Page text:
Five Horrible Political Decisions That Fueled LA’s Homelessness Crisis
The homelessness crisis in Los Angeles didn’t happen out of nowhere. Over the years, horrible political decisions made by elected leaders on the state and local levels fueled the ongoing humanitarian catastrophe — between 2020 and 2021, nearly 1,500 unhoused residents died on the streets in the L.A. area. We could roll out a long list of bad calls, but here are five that stick out to us.
One and Two: The passage of the Ellis Act and the Costa-Hawkins Rental Housing Act
A huge factor in the worsening homelessness crisis has been a decades-long assault by state politicians on existing affordable housing, which has severely impacted Los Angeles residents. Without a robust supply of affordable housing, the working class and poor will end up on the streets. It’s that simple. Numerous studies have pointed to this fact, including reports published by UCLA and Zillow, the real estate site.
Alisa Belinkoff Katz, a researcher at the UCLA Luskin Center for History and Policy, found that the lack of affordable housing, skyrocketing rents, and declining incomes “have made housing unaffordable for almost half of middle-income renters and nearly all those who are poor. This in turn has exacerbated the epidemic of homelessness on [L.A.’s] streets.”
Zillow, meanwhile, found that in cities where people spend more than 32 percent of their take-home pay on rent, a spike in homelessness will follow. In fact, Zillow noted that “declining rent affordability affects homelessness in Los Angeles with eight times the force it does in Baltimore.”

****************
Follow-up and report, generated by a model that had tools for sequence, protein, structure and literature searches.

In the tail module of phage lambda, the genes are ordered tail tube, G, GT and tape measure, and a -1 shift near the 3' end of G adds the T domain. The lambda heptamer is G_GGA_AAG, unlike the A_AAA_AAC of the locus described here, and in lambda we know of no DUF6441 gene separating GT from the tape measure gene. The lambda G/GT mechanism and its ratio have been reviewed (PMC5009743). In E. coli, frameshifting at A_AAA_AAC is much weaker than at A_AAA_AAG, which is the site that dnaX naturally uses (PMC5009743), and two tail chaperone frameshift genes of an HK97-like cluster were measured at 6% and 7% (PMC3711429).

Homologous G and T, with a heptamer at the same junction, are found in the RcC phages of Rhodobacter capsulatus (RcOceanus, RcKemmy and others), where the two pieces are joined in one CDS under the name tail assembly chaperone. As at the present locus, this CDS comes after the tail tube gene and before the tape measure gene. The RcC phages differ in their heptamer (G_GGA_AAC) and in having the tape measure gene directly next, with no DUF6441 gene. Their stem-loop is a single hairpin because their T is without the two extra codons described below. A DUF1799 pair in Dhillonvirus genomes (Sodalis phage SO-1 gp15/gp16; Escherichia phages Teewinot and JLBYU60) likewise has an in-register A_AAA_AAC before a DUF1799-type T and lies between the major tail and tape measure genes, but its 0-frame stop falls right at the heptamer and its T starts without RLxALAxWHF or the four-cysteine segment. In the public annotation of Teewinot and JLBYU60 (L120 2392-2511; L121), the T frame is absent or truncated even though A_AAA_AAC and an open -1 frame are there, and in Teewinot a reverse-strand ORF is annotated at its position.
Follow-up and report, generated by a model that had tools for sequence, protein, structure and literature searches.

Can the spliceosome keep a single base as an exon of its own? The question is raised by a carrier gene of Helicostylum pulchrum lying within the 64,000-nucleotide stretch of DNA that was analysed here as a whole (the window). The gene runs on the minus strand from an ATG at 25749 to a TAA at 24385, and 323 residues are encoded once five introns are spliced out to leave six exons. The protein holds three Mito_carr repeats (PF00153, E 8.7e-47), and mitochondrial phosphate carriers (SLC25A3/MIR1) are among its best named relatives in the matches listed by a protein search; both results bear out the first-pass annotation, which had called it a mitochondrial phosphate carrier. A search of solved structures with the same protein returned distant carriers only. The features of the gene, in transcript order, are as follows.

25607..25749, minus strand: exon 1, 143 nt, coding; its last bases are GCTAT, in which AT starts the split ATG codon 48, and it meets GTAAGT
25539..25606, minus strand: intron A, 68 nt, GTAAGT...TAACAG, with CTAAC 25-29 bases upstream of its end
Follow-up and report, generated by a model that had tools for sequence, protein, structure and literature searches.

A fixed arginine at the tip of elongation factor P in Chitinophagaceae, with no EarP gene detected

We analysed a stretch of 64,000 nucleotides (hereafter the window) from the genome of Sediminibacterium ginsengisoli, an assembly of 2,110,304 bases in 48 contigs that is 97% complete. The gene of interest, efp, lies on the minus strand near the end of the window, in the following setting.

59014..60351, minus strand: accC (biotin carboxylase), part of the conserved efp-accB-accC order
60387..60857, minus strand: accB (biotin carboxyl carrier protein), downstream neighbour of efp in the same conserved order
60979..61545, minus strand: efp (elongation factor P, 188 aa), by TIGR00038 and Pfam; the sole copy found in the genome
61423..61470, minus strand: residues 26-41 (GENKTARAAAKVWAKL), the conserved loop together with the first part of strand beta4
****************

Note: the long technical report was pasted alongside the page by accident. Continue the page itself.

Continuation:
Enter two horrendous decisions made by state legislators when they passed the 1985 Ellis Act and the 1995 Costa-Hawkins Rental Housing Act.
For decades, the Ellis Act has allowed landlords to evict tenants in rent-controlled buildings and turn their properties into luxury housing, such as condos or boutique hotels. As a result, according to the Coalition for Economic Survival and the Anti-Eviction Mapping Project, 28,013 rent-controlled units in Los Angeles have been taken off the market between 2001 and 2022 due to the Ellis Act. It’s a massive loss of affordable housing that’s fueled homelessness.
Around the same time, the Costa-Hawkins Rental Housing Act placed statewide restrictions on rent control and allowed landlords to charge market-rate rent after a tenant moved out of a rent-controlled unit. In other words, more affordable housing was lost in L.A. — and more homelessness followed.